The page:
The National Health Insurance Fund (NHIF) has been encouraged to enhance its sensitization initiatives to make more people aware of the services they offer.
Speaking at a sensitization session on the Comprehensive Medical Insurance Scheme for Civil Servants at Sahara West Park Hotel in Ruaka Kiambaa, Deputy County Commissioner, Peter Maina, who officiated at the ceremony, emphasized on the importance of creating awareness.
“It is crucial for civil servants to get sensitization on what NHIF covers,” Maina said. While emphasizing on the need for awareness, the DCC shared a personal experience of when the NHIF cover came in handy for him when it was most needed.
“A doctor had run a test on me to check my heart and referred me to a cardiologist who also did a similar test and confirmed the first doctor’s diagnosis,” Maina said.
“The cardiologist then did a procedure to clear my arteries which were blocked by cholesterol and the total bill came to Sh1 million but NHIF paid Sh945, 000,” he said.
While further vouching for the organization, the DCC added that he had to go for a second surgery which was almost fully paid for by NHIF.
Ting’ang’a Assistant County Commissioner, Peter Mose, while giving the closing remarks, called on the insurer to continue with its efforts of sensitization confessing that even he did not know about some of the services that the provider offered. “I, for one, did not know about the emergency services,” Mose said in his remarks.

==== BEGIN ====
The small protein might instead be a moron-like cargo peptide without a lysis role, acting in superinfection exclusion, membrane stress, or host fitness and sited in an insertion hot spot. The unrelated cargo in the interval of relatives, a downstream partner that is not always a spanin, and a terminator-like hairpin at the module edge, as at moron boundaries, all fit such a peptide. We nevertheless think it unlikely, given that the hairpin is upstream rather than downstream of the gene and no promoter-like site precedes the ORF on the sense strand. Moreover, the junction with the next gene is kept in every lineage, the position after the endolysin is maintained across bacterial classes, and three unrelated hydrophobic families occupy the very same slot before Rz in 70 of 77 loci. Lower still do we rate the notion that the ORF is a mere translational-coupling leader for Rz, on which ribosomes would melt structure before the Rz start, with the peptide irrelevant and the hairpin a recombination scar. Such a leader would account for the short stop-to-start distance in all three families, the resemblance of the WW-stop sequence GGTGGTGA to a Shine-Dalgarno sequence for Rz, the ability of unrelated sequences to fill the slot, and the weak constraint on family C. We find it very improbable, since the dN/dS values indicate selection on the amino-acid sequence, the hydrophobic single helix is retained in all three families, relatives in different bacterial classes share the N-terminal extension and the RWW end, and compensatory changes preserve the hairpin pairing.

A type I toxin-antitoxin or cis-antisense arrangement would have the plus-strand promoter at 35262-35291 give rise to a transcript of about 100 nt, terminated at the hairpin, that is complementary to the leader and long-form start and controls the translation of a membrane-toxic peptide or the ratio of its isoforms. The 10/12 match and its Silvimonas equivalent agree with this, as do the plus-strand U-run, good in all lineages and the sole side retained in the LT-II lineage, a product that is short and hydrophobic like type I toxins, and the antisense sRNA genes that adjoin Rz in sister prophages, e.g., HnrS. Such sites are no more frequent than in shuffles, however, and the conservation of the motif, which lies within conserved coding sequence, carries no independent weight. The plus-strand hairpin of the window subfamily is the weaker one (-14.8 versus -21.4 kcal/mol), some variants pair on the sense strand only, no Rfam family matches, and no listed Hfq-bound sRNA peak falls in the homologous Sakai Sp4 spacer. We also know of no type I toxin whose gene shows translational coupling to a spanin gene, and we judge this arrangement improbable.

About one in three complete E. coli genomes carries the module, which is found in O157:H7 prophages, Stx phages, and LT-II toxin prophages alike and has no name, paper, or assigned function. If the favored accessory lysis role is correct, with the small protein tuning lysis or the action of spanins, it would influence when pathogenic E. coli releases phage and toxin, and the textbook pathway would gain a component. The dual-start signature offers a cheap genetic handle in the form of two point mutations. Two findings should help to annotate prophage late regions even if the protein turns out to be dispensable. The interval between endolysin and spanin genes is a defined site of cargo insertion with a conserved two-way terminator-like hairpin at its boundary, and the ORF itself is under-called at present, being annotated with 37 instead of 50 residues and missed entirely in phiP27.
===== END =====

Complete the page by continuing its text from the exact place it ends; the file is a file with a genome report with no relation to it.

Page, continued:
He went on to urge those present to seek to know more about services offered by NHIF to prevent desperation when emergency services occurred while they have a comprehensive cover that could come to their aid.
The Central Region Head of NHIF, Winnie Njenga, implored the civil servants present to however use the cover with restraint as it has limits.
She urged them to consider the limits set for their respective job groups and to get procedures only when necessary to prevent exhausting the cover and being stranded when it’s most needed.
A Deputy Director of the State Department of Public Service, Mary Muchiri, who was also present at the function, urged those present to update their next of kin details on the group life cover to prevent confusion when a civil servant who is the principal holder of the cover dies.
“Please update the next of kin details so that the compensation goes to the right person in the event that you pass on,” she added.
Apart from the group life cover, NHIF also covers burial expenses amongst other costs that occur in the event of a death.
They also cover inpatient and outpatient costs, maternity, renal and rehabilitation for civil servants and dependents who are covered by the scheme.
Other services include emergency medical evacuation, by road and air. Treatment overseas is also covered where necessary.
By Duncan Mutwiri